Hector Klie has a series of unfortunate events in his home country to thank for DeepCast.ai, the artificial intelligence solution company he founded in Houston in 2017.
For fourteen years he worked as a research scientist for the state oil and natural gas company, Petróleos de Venezuela, S.A. (PVDSA), in his native Venezuela, a nation with the world’s largest proven oil reserves.
In 2003, because of unfortunate political and economic events in Venezuela, he and other professionals were encouraged to find employment opportunities abroad. Klie, 54, who earned his Ph.D. in computational engineering and science from Rice in 1996, tries to be philosophical about his decision and the fate of Venezuela. He shakes his head and says: “My country could be so wealthy. We could all have a good life. For the future of my family, I had to move on.”
Klie was born in Venezuela’s capital, Caracas, the son of a dentist. At age 15 he earned a two-year scholarship to study at Lester B. Pearson United World College of the Pacific in Victoria, British Columbia. There, he studied high-level math, physics and chemistry and, for the first time, he used a personal computer.
“That’s when I knew I wanted to be an applied mathematician and a computational scientist. There were 200 students from more than 50 countries. I learned the value of education as a way to achieve understanding and respect. During my first Christmas, I stayed with a Canadian family who helped me to improve my English. I played Boggle almost every day. I stay in contact with them. They are like family to me,” Klie said.
He went on to earn B.S. and master’s degrees in computer science and engineering, in 1988 and 1991, respectively, from Universidad Simón Bolívar in Caracas.
At Rice, Klie’s adviser was Mary Wheeler, who in 1971 had become the second woman at Rice to earn a Ph.D. in mathematics. After teaching at Rice for 24 years, in what eventually became known as computational and applied mathematics, Wheeler moved in 1995 to the University of Texas at Austin, where she is the Ernest and Virginia Cockrell Chair in Engineering.
Klie’s 22-year-old doctoral thesis at Rice, “Krylov-secant methods for solving large-scale systems of coupled nonlinear parabolic equations,” is still quoted in the literature. “Oh, yes, Hector made fundamental contributions to the field. It’s quoted a great deal. He’s well-known in the petroleum industry,” Wheeler said.
“Venezuela’s loss is our gain,” she added.
While working for PVDSA, Klie was also teaching in the Scientific Computing and Statistics Department at Simón Bolívar. When he decided to leave his country in 2003, Wheeler invited him to become associate director of the Center for Subsurface Modeling at UT. He remained there for almost five years, producing research focused on linear solvers and preconditioners, optimization, reduced-order models and uncertainty quantification. He received research grants from the National Science Foundation and the U.S. Departments of Energy and Defense.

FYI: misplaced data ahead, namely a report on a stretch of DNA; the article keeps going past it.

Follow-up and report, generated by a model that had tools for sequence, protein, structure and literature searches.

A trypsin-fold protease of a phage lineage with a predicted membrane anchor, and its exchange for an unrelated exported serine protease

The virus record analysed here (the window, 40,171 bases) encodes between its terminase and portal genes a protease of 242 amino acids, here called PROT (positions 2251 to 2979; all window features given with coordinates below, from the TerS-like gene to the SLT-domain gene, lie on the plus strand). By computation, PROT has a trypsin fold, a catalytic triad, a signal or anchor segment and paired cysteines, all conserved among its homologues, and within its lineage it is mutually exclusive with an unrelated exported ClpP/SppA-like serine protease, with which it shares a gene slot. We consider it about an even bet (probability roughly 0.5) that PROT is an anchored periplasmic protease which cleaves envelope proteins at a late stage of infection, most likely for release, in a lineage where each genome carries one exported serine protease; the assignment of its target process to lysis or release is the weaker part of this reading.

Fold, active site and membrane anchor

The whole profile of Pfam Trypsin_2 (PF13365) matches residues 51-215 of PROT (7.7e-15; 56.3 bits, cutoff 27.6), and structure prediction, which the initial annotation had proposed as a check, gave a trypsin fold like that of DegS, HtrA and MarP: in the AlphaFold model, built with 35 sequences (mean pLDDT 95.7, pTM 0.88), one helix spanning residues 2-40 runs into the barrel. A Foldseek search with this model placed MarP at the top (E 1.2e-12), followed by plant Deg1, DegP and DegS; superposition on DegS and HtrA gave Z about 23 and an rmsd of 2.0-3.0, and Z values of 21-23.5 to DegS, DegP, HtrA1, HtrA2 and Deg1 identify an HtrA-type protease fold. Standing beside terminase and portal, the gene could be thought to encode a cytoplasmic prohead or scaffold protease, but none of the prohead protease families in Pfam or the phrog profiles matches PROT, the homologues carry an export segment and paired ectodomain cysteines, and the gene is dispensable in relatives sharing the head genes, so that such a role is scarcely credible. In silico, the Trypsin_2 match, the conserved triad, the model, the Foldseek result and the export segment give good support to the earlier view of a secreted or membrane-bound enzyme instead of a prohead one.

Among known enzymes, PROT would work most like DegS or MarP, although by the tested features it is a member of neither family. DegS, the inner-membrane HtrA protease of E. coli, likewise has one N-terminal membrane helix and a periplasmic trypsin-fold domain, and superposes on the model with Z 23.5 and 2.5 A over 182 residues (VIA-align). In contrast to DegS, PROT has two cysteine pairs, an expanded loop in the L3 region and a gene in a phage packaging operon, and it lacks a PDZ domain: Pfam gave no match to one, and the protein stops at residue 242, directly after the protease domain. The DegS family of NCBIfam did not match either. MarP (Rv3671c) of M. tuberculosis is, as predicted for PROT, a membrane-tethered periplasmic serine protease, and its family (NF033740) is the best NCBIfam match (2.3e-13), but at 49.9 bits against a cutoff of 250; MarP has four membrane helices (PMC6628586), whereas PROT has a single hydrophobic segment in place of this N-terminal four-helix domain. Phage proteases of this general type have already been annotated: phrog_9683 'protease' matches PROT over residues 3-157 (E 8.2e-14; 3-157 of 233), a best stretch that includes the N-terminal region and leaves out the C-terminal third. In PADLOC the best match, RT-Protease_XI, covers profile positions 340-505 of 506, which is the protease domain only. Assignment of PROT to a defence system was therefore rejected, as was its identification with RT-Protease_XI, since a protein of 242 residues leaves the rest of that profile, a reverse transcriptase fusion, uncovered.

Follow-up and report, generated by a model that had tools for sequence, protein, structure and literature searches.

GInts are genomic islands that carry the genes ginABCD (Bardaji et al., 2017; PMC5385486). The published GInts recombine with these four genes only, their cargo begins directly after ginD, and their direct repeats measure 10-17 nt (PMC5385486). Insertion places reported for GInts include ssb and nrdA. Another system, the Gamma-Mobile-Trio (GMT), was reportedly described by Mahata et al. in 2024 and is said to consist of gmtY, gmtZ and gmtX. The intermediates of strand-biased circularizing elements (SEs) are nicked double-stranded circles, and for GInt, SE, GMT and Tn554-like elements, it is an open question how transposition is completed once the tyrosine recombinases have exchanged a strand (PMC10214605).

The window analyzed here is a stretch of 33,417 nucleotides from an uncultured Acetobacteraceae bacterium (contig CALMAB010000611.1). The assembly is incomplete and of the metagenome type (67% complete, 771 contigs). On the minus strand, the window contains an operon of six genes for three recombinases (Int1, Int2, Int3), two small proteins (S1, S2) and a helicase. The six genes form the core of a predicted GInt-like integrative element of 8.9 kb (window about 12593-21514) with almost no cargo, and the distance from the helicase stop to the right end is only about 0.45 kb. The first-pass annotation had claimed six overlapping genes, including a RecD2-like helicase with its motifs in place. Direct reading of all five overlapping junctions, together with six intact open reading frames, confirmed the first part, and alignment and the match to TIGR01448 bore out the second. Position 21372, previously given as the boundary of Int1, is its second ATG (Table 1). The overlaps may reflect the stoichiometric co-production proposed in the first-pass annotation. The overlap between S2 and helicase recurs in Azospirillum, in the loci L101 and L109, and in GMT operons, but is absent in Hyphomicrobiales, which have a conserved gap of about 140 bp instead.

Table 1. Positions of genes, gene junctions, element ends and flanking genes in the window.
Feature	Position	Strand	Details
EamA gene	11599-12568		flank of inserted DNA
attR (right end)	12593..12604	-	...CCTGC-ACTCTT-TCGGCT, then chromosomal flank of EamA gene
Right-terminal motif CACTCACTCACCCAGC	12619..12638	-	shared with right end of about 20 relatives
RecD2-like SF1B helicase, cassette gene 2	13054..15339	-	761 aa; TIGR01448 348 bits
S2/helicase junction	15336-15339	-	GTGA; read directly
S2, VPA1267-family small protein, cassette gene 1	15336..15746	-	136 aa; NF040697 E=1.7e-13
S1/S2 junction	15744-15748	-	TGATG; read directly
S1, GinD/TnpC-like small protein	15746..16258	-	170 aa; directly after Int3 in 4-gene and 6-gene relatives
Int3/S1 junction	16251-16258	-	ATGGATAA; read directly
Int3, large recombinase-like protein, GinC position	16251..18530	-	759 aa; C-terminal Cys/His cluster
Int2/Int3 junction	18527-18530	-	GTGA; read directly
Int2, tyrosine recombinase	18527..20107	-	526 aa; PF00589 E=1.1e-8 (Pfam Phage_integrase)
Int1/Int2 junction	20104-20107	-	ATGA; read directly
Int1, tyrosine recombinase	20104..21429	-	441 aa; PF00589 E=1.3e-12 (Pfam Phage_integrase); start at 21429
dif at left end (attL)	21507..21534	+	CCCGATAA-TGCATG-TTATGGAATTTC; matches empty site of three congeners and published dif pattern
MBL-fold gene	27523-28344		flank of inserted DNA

“I owe much to Mary. She was very generous and supportive in allowing me to expand my technical capabilities and networking,” said Klie, who in 2008 left the university to go to work as a staff reservoir engineer at ConocoPhillips, based in Houston.
“I worked to develop improved simulation capabilities via parallel solvers on multicore and GPUs, data-driven methods for efficient reservoir management, and for production forecasting and drilling operation workflows. The industry was demanding new advances for integrating more data and making models more adaptable to multi-physics scenarios,” he said.
Throughout his career, Klie has developed algorithms to help interpret the seismic waves exploration crews send into the earth. In this way, oil companies hope to measure the geological structures in the earth’s subsurface and reduce the need for expensive exploratory drilling.
In 2015, Klie was promoted to lead data scientist in advanced analytics at ConocoPhillips, and a year later he moved to the Sanchez Oil & Gas Corp. as its director of enterprise data solutions. After a year, he decided it was time to act on a long-deferred dream: starting his own company.
In April 2017, Klie founded DeepCast.ai with his son, Arturo, 29, as the company’s chief technical officer and senior software engineer. Arturo had earned a B.S. in computer science from the University of Houston and previously worked for Microsoft as program manager for the Bing advertising engine team. “Together, we aim to unlock the potential of machine learning, big data, optimization and cloud computing for the oil and gas industry and beyond,” he said.
“I have been very fortunate to count on a supportive family and to be surrounded by talented friends and colleagues. There have been difficulties but I’ve always had people who trusted my abilities and wanted to help me along the way. I want to give back a little of what I have received,” Klie said.
With his company thriving, Klie decided to take a job as an adjunct professor in CAAM at Rice. “I want to share my industrial experience with students and help them to be better prepared for the data automation society that is rapidly evolving in front of us,” he said.
Klie has been married for more than 30 years to Dulce Tejeira, who is a dentist. They have another son, Alberto, 28, who graduated in advertising and sales from the University of Houston. “Alberto has a unique leadership skill to persuade and communicate effectively. Perhaps he will eventually join the DeepCast.ai team,” Klie said.